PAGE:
The Generalized Anxiety Disorder 7-item Scale (GAD-7) [26] is a seven-item self-report measure based on a four-point Likert scale. It asks participants about anxiety symptoms in the last 14 days. The maximum score is 21, which is indicative of high levels of generalized anxiety. A cut-off of 10 was used, corresponding to a moderately severe level of anxiety [27].
The International Trauma Questionnaire (ITQ) [28] is a nine-item self-report measure based on a 5-point Likert scale. Consistently with ICD-11 [29], it asks participants about particular events or behaviors in the last 30 days, across the three symptom clusters of re-experiencing, avoidance, and sense of threat (two items each). Another three items measure functional impairment caused by these symptoms. The maximum score is 24, and a score of ≥2 (Moderately) is considered endorsement of that symptom. A PTSD diagnosis requires the endorsement of the three clusters and at least one indicator of functional impairment [30,31].
COVID-19-related anxiety was measured through a single item, ‘How anxious are you about the coronavirus COVID-19 pandemic?’, rated on a continuous scale from 0 to 100. Higher values correspond to higher COVID-19 related anxiety.

2.4. Analytic Methods

In Section 3.1, scores of the COVID-19 anxiety variable were categorized into quintiles, and the quintiles were dummy-coded with the lowest one used as the reference category [20] Regression models were used to estimate the relationship between the COVID-19 anxiety quintiles and the PHQ-15 subscales (pain, gastrointestinal, cardiopulmonary, and fatigue). Model 1 included the four dummy-coded COVID-19 anxiety variables as predictors of the four PHQ-15 subscales. The regression coefficient for each dummy-coded variable is interpreted as the mean difference between each quintile and the lowest one. Model 1 was also run separately with the total PHQ-15 summed scale score replacing the subscales. In Model 2 the covariates (age, gender, income, pre-existing health problems, and GAD) were included as predictors, with the addition of Italian region mourning for COVID-19 losses factors.
In Section 3.2, measures of depression (PHQ-9), generalized anxiety (GAD-7), trauma symptoms relating to the pandemic (ITQ) and COVID-19 anxiety were considered as dependent variables for three binary logistic regression models [19]. The predictor variables were age, gender, living location, living alone, presence of children in the household, income, pre-existing health conditions in self and someone close, and perceived risk of infection over the next month. Italian region and mourning for COVID-19 losses factors were included.

3. Results

3.1. Somatic Symptoms

Correlations for all the variables included in Models 1 and 2 are shown in Table 1. The PHQ-15 subscales and the total score were positively and significantly correlated with COVID-19 anxiety, as well as with GAD-7 total score. These correlations are in line with results from the first wave of the UK study [20]. Figure 1 shows the relationship between COVID-19 anxiety and somatic symptoms.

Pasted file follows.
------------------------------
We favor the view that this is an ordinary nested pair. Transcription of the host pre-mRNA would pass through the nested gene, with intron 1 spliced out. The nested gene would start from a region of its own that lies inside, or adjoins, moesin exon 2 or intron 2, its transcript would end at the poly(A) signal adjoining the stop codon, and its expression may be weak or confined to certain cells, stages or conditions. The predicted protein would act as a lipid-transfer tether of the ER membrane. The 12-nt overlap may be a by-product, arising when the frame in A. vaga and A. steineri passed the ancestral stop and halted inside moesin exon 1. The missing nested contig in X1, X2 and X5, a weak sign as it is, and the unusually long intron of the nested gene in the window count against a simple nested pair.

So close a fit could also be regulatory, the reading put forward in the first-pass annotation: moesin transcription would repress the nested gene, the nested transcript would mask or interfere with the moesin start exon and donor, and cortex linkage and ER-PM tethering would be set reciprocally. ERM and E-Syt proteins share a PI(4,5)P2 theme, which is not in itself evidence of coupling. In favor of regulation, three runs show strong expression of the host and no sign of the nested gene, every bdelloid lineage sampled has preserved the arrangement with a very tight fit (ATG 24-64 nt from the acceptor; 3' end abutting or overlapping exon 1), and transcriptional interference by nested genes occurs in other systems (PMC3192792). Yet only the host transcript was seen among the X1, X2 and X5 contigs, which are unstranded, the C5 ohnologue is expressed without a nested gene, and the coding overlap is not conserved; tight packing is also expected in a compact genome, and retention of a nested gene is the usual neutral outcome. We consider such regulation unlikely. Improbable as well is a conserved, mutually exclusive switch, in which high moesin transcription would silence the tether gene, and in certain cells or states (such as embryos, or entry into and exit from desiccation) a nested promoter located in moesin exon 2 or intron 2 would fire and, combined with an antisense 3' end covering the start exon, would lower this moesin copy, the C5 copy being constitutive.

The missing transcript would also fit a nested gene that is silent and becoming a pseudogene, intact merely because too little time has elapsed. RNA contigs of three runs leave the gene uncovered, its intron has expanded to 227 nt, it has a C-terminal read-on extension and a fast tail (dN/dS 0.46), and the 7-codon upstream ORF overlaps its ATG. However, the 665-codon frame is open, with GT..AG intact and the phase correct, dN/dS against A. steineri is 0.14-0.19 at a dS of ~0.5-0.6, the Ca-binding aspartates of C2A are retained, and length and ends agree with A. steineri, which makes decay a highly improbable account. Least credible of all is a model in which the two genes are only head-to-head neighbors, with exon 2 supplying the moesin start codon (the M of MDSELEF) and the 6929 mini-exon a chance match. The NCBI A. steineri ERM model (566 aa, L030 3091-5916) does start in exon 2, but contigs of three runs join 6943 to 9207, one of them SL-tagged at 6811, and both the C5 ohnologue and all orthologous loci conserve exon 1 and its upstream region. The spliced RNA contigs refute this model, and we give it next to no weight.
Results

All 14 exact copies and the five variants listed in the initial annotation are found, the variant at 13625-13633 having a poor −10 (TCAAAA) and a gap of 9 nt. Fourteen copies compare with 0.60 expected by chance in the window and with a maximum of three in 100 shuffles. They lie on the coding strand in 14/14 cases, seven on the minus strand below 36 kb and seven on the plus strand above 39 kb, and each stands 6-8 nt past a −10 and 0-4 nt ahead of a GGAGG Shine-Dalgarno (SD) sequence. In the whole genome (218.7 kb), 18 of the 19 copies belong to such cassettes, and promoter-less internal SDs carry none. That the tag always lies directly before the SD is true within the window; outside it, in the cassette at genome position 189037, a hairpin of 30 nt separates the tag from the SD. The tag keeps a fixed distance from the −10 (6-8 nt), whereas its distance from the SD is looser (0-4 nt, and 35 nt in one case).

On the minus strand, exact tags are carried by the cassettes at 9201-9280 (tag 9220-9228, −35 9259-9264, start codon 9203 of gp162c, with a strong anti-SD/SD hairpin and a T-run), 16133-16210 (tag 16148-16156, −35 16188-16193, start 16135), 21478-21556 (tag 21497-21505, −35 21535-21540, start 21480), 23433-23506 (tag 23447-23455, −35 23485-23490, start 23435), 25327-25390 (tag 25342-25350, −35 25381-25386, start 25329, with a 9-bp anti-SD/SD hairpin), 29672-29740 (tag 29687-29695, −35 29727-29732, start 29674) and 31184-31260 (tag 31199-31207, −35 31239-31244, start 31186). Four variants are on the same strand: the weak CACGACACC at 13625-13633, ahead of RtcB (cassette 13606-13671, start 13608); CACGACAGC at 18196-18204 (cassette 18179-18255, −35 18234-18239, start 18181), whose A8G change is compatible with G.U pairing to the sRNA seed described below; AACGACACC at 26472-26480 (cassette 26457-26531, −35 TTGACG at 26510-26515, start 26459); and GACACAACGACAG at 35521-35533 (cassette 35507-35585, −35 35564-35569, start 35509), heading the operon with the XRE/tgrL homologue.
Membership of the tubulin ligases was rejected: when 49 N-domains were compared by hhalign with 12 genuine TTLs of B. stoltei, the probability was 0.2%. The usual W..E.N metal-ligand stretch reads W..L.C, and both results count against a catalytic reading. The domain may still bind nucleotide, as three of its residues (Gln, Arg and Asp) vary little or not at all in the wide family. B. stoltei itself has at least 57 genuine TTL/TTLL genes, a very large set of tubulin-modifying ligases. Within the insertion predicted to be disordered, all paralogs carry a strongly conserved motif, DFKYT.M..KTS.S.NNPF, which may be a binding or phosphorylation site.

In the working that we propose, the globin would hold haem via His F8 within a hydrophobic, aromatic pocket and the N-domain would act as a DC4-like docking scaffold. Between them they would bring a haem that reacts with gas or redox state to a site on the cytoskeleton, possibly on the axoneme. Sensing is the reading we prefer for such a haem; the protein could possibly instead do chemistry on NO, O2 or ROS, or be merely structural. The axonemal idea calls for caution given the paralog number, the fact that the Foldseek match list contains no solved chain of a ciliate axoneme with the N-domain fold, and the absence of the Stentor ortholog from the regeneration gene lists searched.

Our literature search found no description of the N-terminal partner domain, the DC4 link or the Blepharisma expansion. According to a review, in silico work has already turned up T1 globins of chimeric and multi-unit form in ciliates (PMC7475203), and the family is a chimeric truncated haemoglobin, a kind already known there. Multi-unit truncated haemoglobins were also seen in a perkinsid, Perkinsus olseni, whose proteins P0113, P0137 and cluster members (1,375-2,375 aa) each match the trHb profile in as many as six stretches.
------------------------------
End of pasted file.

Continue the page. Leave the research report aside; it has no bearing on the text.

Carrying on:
Table 2 shows the estimates from the regression models. In Model 1, considering COVID-19 first quintile as no-anxiety, we can observe significant differences between the baseline and the other quantiles both in PHQ-15 subscales and in its total score. In the sample, the aggravation of the somatic symptoms between quintiles seems to be characterized by a more linear increase than in the UK data, with a similar wider effect over the 5th quintile.
In Model 2, the control variables were taken into account. The effect of COVID-19 anxiety on somatic symptoms was weaker but similar to Model 1, especially referred to the total scale score. The presence of pre-existing health problems and high scores on GAD-7 significantly worsen specific and general somatic symptoms, confirming UK’s findings. Mourning for COVID-19 losses also has a detrimental effect on psychological health. No effect of household income was found. In terms of regions, Campania showed higher scores of somatic symptoms than the other regions. Campania scores were high in the PHQ-15 pain subscale and in the gastrointestinal subscale, but also overall.

3.2. Anxiety, Depression, and Traumatic Stress

We focused on anxiety, depression, traumatic stress and COVID-19 related anxiety, following Shevlin et al. (2020). In order to be consistent with the original study, traumatic stress and COVID-19 related anxiety where treated independently, whereas a new variable was computed to describe participants with anxiety, depression, or both. Sample size, percentages and adjusted odds ratio are summarized in Table 3, Table 4 and Table 5.
The rate of anxiety (GAD-7) in the overall sample was 21.59% (95% CI: 15.93%–20.72%), with no differences between regions (χ2(3) = 4.07, p = 0.25) and with more women above the anxiety cut-off (11.75%, men: 6.45%; χ2(1) = 15.94, p < 0.001). Depression (PHQ-9), with a rate of 21.4% (95% CI: 18.95%–24.03%), showed no differences between regions (χ2(3) = 0.29, p = 0.96) but was significantly higher among women (12.52%), compared to men (8.86%; χ2(1) = 5.82, p = 0.016).